The Show Must Go On

|

Scrolling through the Epstein piece Nick links below and Andrew Sullivan's fisking of the president's Sunday address on the Federal Marriage Amendment, I find myself thinking that, necessary as it probably is to keep beating this drum, it's The American Prospect's Mary Lynn Jones who's cottoned on to the most immediately relevant point: The FMA is already dead in the water. Its supporters are well aware it won't pass; they're just going through the motions as a political tactic. Though maybe ten years from now when GOP legislators are scrambling to distance themselves from this farce like ex-segregationists, they can reach out to the gay community by claiming they were motivated by a love of the theater.

NEXT: Epstein on Gay Marriage

Editor's Note: We invite comments and request that they be civil and on-topic. We do not moderate or assume any responsibility for comments, which are owned by the readers who post them. Comments do not represent the views of Reason.com or Reason Foundation. We reserve the right to delete any comment for any reason at any time. Report abuses.

  1. I have mixed feeling about this whole issue, but I’ll admit the backers of the FMA are in a bind. Their problem is that it’s easy for a few judges in Massachusetts to suddenly “discover” that the folks who wrote “equal protection” in their state constitution 200+ years ago meant “same-sex marriage must be allowed.” It’s totally absurd, but all opponents can do to stop such judicial overreaching is to try to pass a Constitutional amendment. However, that brings in a whole new set of issues: federalism, the idea that the Constitution shouldn’t be amended frivolously, etc, all sorts of things conservatives and libertarians generally like. The same-sex marriage proponents have done a classic judo move: using the strength of their opponents against them. Or you might call it a political wedge ploy.

    Personally, I’m reluctant to change the definition of marriage based on what a few judges, mayors, and a small minority want. (“Civil unions” are something else.) I’ve also never heard an argument for same-sex marriage that can’t also apply to polygamy and incest marriage, so as much as I may dislike “slippery slope” arguments, I think this may be one.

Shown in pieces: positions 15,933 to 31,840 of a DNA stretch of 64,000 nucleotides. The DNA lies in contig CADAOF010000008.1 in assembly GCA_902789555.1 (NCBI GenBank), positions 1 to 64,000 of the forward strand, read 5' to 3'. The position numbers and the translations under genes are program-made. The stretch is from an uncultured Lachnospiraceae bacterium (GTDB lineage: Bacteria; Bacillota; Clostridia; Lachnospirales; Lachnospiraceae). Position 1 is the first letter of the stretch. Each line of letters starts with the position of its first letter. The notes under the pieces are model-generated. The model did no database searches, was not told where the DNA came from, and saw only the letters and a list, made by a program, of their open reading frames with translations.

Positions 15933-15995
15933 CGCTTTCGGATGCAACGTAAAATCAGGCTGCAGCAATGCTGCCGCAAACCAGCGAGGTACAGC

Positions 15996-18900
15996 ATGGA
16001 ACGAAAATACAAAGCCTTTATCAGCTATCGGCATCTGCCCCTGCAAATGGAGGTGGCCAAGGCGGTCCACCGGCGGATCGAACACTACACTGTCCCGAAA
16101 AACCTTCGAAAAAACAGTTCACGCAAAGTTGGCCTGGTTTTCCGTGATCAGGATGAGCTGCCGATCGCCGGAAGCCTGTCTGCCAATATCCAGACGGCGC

2. Julian–

    I don’t know about you but I, for one, love the theater.

  3. Julian? Did you just use “fisking” without irony?

  4. what’s the libertarian line against polygamy again?

  5. I don’t get the line about theater. Can somebody explain?

  6. Wow, thoreau… I thought your were all knowing!

    It’s a stereotype of gays that they enjoy theater attendance. (Theater, as in Shakespeare plays.)

  7. Though maybe ten years from now when GOP legislators are scrambling to distance themselves from this farce like ex-segregationists

    Or they may use their anti-gay stance to lure blacks and hispanics away from the Democratic party. Blacks and hispanics are, statistically speaking, much more homophobic than the national average, and already tend to agree with Republicans on social/religious issues.

    Personally, I’m reluctant to change the definition of marriage based on what a few judges, mayors, and a small minority want.

    It’s not changing the English definition of marriage (that’s already been changed, actually — the very fact that you can say “gay marriage” and people know what you mean demonstrates that). This is about changing the LEGAL definition of marriage. What, precisely, is wrong with changing legal definitions in order to eliminate discriminatory treatment of a minority group, particularly when the change will in no way harm, or even affect, the majority?